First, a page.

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Avery Begins Her Journey

by Maryann Whitfield

A Road on a Child’s Journey to Becoming Literate

Our child’s journey to becoming literate begins with learning to talk.  As parents we play a leading role in their learning.  And, to a great extent we take on this role quite naturally.  Our young child, immersed in a sea of talk, receives demonstrations of the power of language.  We talk to them, sing to them, read to them, and talk to others in their presence.  Our infant’s mind sets to work making sense of the sounds they hear while also figuring out how to replicate those sounds. 

We see signs of their engagement in this world of talk as we notice them observing and listening.  Evidence of what they are learning soon emerges in their earliest utterances.  These little attempts to talk captivate us and spur us on.  But, we don’t start giving a series of lessons.  Rather we talk to them and interact with them in ways that encourage them to make more approximations.  We realize these early versions of words are not permanent.  Our child is learning!  We intuitively know these less-than-perfect utterances will soon turn into recognizable words and sentences. 

In this story about Avery, we catch a delightful glimpse of a child learning to talk.  We can see how her approximation is part of her journey in learning to talk.  

Avery Begins Her Journey

🎶a b c d e f g h i j k l m n o p…🎶

While cradling my infant granddaughter in my arms I sang the ABC Song to her as if it were a lullaby.  And then, oh so quickly, she began to grow.  She interacted with the people in her life making the sweetest babbling sounds.  Her attempts at talking told us she wanted to participate in the world of language that surrounded her. 

Because of Avery’s responses to my ABC Song I found myself singing a livelier version of the song.  She sang right along with her own babbling version.  It was quite obvious Avery loved our little sing-along.

With surprising speed, little words began to emerge among the sounds she was attempting.  Dadda and soon Momma were repeated over and over to everyone’s delight.  And more little words were soon added.

On many days Avery sat on my lap while we shared books together.  One of her favorites was a little cardboard book with pictures of animals.  I’d say the animal name.  She’d listen and smile.  On the page with an elephant Avery would pat the picture and an extra big smile would spread across her face.  One day after I said elephant she responded, “l m n o p.”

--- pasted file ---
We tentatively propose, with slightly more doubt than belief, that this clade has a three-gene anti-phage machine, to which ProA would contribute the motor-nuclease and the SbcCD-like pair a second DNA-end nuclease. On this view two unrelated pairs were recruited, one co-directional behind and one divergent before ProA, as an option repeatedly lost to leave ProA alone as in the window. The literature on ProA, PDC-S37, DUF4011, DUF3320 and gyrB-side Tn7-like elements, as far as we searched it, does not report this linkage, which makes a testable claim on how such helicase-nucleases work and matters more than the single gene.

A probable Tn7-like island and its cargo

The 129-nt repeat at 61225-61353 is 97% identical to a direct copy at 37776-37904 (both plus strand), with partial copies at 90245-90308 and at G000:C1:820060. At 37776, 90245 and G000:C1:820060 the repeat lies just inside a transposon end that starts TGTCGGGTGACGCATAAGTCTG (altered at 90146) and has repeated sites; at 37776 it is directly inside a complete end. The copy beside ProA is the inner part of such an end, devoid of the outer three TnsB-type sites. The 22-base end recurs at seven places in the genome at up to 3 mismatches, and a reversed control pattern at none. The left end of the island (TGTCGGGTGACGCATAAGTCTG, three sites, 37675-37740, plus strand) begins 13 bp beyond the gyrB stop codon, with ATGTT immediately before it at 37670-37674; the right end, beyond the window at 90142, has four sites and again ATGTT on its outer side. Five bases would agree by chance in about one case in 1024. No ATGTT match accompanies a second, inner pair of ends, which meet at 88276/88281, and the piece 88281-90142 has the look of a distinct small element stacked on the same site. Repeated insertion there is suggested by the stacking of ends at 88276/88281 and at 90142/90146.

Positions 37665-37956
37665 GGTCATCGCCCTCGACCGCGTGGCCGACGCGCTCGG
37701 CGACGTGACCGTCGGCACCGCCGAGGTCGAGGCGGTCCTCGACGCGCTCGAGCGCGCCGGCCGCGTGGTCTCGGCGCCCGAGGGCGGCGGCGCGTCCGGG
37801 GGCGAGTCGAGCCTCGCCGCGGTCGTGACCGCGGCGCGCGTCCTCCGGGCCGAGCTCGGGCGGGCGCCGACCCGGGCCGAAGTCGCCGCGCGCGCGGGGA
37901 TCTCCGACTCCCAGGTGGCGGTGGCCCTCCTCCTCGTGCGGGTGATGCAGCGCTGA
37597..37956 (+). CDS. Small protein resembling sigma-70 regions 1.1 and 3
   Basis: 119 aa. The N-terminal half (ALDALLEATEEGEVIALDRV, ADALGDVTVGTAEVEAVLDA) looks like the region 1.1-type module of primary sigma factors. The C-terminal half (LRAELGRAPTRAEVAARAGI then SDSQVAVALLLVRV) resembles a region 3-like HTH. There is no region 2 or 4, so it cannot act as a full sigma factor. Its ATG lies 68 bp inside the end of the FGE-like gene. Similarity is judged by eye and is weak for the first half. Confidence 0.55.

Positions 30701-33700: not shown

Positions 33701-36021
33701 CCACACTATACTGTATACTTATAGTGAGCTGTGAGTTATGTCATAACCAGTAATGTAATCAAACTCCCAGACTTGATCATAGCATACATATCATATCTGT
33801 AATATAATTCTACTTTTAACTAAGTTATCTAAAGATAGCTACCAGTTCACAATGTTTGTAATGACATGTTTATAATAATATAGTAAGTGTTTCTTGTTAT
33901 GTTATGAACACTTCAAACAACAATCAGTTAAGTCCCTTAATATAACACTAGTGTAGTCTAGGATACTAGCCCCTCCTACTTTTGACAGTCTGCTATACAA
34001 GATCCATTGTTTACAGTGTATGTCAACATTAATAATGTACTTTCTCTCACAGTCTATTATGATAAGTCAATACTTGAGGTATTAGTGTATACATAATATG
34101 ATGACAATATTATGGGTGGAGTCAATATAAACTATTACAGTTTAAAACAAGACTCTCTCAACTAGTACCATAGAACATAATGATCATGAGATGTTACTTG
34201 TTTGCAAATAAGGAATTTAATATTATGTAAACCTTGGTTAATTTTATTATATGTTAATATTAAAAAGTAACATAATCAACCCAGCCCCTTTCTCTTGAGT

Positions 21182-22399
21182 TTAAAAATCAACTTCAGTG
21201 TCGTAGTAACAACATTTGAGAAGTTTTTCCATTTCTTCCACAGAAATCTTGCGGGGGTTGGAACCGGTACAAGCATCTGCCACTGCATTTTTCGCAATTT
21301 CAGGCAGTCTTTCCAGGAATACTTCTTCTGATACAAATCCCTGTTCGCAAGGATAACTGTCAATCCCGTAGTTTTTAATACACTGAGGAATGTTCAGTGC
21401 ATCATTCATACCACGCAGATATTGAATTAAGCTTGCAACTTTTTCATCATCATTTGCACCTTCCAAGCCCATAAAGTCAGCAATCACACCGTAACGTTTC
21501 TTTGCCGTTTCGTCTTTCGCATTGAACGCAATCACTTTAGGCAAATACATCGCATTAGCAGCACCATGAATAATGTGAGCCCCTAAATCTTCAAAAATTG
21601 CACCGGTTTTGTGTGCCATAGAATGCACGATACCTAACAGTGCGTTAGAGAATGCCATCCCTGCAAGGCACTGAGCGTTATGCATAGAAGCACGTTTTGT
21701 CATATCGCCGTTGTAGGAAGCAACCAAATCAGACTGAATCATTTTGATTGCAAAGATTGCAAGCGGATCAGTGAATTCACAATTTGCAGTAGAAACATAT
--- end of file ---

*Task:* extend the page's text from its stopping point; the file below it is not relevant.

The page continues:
I was totally surprised and confused.  But then, I began to understand.  This must be her attempt to say the long word elephant.  At the time she was saying words with just one or two syllables.

Elephant had three syllables.  Little Avery was taking a big leap into saying longer words!  Not only that, this was probably her way of using the l m n o p part of the ABC Song she loved.  She had surely been trying to make sense of the song all this time.  In this moment it became clear to me she understood words weren’t just a string of sounds.  Words had meaning.  The l m n o p were her way of saying elephant. 

We loved hearing our little girl say her enthusiastic version of elephant.  But eventually, almost like magic, Avery did begin to say elephant quite clearly along with so many other words.  Words that then became little sentences.  And then longer sentences.  Avery was well on her way to being able to communicate anything she wanted.  A fascinating journey unfolded that led not only to her learning to talk but also learning to read and write.  The journey of becoming literate.

Literacy Library Bulletin Link

Tim O’Keefe – Immersion into Language: Speaking and Writing

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